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talk about testing
Washington’s Educators
WEA believes a high-quality education inspires students’ natural curiosity and
s...
While WEA members have generally been supportive of the new state learning
standards, they continue to express concerns ab...
Member Voices: The SBA Experience
“Disruptive to teaching and learning
Students’ experiences varied greatly
depending on t...
“Students had difficulty following directions because they were
confusing and not simply stated!”
“Students were confused ...
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Washington's educators talk about testing

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WEA members believe a high-quality education inspires students’ natural curiosity and supports their desire to learn. Problem solving, collaboration, critical thinking and deep understanding of a wide variety of subjects should be the focus of teaching and learning. But what role should standardized tests play?

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Washington's educators talk about testing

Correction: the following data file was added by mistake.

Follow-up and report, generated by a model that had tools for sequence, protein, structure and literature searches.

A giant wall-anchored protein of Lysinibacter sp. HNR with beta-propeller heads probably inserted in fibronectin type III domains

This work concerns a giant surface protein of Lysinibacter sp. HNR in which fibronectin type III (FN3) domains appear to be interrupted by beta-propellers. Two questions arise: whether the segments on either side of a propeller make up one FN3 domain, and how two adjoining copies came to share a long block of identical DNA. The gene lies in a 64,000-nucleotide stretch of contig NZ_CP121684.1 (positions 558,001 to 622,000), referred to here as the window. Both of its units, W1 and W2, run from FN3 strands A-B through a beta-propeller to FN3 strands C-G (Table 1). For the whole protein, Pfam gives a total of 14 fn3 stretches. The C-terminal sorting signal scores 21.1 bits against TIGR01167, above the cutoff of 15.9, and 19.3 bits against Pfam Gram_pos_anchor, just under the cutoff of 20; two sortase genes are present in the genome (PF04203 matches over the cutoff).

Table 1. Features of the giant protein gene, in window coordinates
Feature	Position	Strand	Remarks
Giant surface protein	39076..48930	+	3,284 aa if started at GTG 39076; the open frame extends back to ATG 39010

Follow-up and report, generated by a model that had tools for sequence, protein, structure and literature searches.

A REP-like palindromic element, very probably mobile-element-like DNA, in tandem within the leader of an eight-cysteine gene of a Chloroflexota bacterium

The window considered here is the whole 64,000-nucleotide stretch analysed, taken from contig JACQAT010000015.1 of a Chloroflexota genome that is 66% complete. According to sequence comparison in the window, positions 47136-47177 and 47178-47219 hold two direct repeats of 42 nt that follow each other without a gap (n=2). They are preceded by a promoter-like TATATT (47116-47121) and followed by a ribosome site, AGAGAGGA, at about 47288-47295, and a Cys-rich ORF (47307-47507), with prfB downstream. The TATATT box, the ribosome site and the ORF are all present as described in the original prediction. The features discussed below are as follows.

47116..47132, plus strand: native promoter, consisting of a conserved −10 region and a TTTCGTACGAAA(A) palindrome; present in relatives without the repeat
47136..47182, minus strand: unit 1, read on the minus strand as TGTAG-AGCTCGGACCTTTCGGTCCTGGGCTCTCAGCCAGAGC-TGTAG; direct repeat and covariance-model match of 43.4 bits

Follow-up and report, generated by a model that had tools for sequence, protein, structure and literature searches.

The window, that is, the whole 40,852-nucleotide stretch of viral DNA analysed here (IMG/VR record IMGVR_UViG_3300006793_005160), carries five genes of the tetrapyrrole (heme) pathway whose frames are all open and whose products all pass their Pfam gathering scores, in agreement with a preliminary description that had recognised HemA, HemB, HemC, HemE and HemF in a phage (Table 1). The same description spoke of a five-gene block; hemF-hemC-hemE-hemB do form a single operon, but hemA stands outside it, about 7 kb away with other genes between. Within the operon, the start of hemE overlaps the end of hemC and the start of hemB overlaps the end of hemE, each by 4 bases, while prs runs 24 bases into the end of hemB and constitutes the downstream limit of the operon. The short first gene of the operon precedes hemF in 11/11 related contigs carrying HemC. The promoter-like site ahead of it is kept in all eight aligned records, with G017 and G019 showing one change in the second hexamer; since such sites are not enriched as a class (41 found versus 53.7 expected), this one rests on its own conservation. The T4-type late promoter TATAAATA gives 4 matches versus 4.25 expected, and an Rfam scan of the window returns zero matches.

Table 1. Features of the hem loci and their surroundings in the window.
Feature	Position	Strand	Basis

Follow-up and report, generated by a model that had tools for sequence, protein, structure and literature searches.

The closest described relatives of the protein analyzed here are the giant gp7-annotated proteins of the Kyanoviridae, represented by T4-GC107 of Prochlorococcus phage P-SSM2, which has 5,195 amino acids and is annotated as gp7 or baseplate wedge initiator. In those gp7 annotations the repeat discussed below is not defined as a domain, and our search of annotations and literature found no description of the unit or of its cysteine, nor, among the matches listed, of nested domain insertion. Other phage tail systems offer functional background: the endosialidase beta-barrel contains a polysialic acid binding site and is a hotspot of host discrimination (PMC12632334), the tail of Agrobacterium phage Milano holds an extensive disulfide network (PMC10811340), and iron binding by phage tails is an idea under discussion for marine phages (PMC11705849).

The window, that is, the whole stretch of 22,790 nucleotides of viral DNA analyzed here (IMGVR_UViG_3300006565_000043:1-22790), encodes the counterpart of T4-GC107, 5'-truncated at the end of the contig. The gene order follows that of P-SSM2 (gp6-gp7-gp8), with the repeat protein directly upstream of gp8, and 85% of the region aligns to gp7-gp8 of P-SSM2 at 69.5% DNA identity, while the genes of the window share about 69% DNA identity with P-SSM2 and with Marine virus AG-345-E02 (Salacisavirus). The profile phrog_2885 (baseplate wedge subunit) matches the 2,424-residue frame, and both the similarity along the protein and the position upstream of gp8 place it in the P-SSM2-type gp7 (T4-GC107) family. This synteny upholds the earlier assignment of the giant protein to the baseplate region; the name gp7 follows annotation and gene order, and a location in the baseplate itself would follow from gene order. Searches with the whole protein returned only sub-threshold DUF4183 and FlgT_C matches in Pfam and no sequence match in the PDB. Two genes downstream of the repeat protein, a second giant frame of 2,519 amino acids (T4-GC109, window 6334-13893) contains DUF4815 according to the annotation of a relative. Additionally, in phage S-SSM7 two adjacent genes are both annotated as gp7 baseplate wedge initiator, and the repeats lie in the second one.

1. 1. talk about testing Washington’s Educators WEA believes a high-quality education inspires students’ natural curiosity and supports their desire to learn. Problem solving, collaboration, critical thinking and deep understanding of a wide variety of subjects should be the focus of teaching and learning. Broad-based coursework that includes academic, technical and enrichment classes is essential to a good education. It is Washington’s paramount duty to provide these building blocks for all students in every public school. Unfortunately, we have become overly reliant on standardized tests, which has taken the focus away from student learning and onto test preparation. Since 1997 when the Washington Assessment of Student Learning (WASL) was first administered, we’ve seen the number of standardized tests balloon as districts, and the state and federal governments each require more tests. WEA supports a Student Testing Bill of Rights to ensure that all students regardless of color, economic status, language, special needs or other differences have the opportunities to learn and thrive in their schools. As educators, we agree that tests are necessary but advocate for a more rational approach. Student testing should: • Provide timely and meaningful feedback to students and teachers • Measure progress and learning over time • Reflect content that students have been exposed to in their class • Serve basic learning goals in the context of a broad and engaging curriculum • Be used to identify, rectify, or realign resources or priorities and monitor progress to meet student needs Student testing should not: • Be the sole tool used to determine if a child will move to the next grade or graduate high school • Penalize students for lack of computer skills or English proficiency, cultural differences, developmental differences or the effects of poverty • Be disruptive to learning Washington Education Association | www.washingtonea.org | 800-622-3393 1